Reproducing Automatic Presence with the UCC API – Part 1

Most popular IM clients, including Communicator 2007, automatically modify the user’s status when they are inactive or away.  While piloting Office Communications Server we created a simple application that had the main features of Communicator (chat, A/V, presence, etc.) to show that we could incorporate that functionality into our in-house applications so that our agents only have to work with one piece of software.  The presence functionality is important to us, as we don’t want to route inbound calls from Speech Server to an agent who isn’t available.  As part of the pilot, I created a simple presence manager to monitor user activity and update availability when necessary.  After five minutes of inactivity, a state value of Inactive is published.  After 15 minutes, a state value of Away is published.  Finally, if the user locks the machine, a state value of Away is published.

Basically, there are two different things the manager needs to detect: the last time there was input (keyboard/mouse) to the machine, and when Windows is locked.  After a little digging, I found the easiest way to achieve our first goal was to P/Invoke the GetLastInputInfo function, which returns the time of the last keyboard/mouse activity.  Using a timer, we can call this method as often as necessary to check if our thresholds (five and 15 minutes) have been reached.  For the sake of simplicity, I removed the code that publishes the state to OCS.  We could also easily add logic to check if the user is on the phone, so the “In a Call” state isn’t overwritten. 

NOTE: I’m using the System.Threading.Timer class.

    internal sealed class PresenceManager : IDisposable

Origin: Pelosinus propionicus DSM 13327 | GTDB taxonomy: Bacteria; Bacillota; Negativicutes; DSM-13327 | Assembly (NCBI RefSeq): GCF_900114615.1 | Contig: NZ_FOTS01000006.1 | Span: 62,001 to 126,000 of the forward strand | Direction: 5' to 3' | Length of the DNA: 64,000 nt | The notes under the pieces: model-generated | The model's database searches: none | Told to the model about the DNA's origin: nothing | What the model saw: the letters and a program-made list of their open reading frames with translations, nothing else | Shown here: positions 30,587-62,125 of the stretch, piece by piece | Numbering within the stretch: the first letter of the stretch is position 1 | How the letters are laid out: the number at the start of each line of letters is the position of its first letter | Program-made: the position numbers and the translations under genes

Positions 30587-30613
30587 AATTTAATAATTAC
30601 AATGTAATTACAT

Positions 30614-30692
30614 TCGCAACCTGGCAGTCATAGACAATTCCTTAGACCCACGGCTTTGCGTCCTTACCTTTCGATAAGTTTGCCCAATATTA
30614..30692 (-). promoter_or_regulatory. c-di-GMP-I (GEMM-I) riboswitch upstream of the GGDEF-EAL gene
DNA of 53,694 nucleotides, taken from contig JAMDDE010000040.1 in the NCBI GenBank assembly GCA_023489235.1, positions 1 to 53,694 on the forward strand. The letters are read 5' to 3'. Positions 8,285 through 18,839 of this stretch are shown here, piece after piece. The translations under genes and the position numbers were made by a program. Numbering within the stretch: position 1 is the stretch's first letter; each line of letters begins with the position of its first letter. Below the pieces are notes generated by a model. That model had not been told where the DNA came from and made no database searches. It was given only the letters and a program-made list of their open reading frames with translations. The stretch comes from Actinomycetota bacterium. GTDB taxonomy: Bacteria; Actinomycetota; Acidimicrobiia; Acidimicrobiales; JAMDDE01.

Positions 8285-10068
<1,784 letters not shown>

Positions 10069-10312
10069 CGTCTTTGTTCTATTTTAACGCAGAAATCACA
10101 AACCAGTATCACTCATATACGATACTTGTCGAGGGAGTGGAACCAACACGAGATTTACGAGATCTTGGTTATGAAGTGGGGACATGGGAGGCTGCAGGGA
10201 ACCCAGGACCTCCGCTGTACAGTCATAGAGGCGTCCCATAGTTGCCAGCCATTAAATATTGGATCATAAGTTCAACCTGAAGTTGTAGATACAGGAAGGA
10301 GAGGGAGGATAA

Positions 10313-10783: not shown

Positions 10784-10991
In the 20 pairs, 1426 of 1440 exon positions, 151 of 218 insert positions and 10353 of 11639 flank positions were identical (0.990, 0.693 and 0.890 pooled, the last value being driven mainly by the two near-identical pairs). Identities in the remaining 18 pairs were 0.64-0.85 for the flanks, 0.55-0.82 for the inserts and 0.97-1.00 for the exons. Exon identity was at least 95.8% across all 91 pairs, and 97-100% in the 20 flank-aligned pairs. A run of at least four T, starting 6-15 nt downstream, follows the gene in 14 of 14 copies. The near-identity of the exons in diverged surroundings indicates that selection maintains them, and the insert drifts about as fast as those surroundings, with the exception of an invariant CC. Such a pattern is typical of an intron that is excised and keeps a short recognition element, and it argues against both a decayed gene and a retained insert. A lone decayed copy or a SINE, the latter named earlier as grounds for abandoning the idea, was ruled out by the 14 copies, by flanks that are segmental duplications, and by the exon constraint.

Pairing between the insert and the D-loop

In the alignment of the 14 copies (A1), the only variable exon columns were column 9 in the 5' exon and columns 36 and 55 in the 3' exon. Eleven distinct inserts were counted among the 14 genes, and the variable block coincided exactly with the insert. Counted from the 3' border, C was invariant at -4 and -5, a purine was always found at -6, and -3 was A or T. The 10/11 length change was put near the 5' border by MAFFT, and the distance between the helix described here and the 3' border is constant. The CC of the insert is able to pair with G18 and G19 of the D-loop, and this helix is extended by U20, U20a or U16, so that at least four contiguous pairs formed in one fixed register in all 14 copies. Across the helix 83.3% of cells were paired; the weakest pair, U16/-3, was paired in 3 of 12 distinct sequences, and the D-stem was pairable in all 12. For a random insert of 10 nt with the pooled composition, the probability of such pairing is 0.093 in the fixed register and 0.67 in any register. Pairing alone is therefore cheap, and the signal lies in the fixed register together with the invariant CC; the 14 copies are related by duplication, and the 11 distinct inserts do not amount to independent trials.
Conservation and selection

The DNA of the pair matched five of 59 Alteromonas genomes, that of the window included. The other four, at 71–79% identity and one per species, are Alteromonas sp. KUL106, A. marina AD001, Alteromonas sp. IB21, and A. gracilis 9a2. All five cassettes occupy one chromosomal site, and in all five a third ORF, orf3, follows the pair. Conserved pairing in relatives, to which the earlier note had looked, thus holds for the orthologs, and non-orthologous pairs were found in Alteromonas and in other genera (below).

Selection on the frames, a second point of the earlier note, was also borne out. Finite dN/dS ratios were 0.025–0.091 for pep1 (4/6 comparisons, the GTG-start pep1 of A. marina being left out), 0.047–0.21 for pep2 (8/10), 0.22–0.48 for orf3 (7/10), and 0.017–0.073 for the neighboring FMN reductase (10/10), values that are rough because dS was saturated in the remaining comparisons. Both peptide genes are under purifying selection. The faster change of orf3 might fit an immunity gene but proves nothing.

{

        [DllImport(“user32.dll”)]

        private static extern bool GetLastInputInfo(ref LASTINPUTINFO plii);

 

        private Timer myLastInputTimer;

 

        public PresenceManager()

        {

            // initialize the timer to call back every two seconds

            myLastInputTimer = new Timer(CheckIdleTime, null, 2000, 2000);

        }

 

        /// <summary>

        /// Gets the current availability of the signed-in user.

        /// </summary>

        public Availability CurrentAvailability { get; private set; }

 

        /// <summary>

        /// Callback method for <see cref=”myLastInputTimer”/> to check the idle time

        /// of the computer and update the status if needed.

        /// </summary>

        /// <param name=”state”>The state, unused by this method.</param>

        private void CheckIdleTime(object state)

        {

            LASTINPUTINFO lastInputInfo = LASTINPUTINFO.Create();

            if (GetLastInputInfo(ref lastInputInfo))

            {

                // get the idle time by subtracting the tick count of the last input

                // event from the total tick count of the system

                int idleTicks = Environment.TickCount – lastInputInfo.dwTime;

                TimeSpan idleTime = TimeSpan.FromSeconds(idleTicks / 1000.0);

 

                Availability currentAvailability = this.CurrentAvailability;

                if (idleTime < TimeSpan.FromMinutes(5))

                {

                    if (currentAvailability != Availability.Available)

                    {

                        // publish available state to OCS here…

 

                        this.CurrentAvailability = Availability.Available;

                    }

                }

                else if (idleTime < TimeSpan.FromMinutes(15))

                {

                    if (currentAvailability != Availability.AvailableIdle

                        && currentAvailability != Availability.BusyIdle)

                    {

                        if (currentAvailability == Availability.Busy)

                        {

                            // publish busy-idle state to OCS here…

 

                            this.CurrentAvailability = Availability.BusyIdle;

                        }

                        else

                        {

                            // publish inactive state to OCS here…

 

                            this.CurrentAvailability = Availability.AvailableIdle;

                        }

                    }

                }

                else if (currentAvailability != Availability.Away)

                {

                    // publish away state to OCS here…

 

                    this.CurrentAvailability = Availability.Away;

                }

            }

        }

    }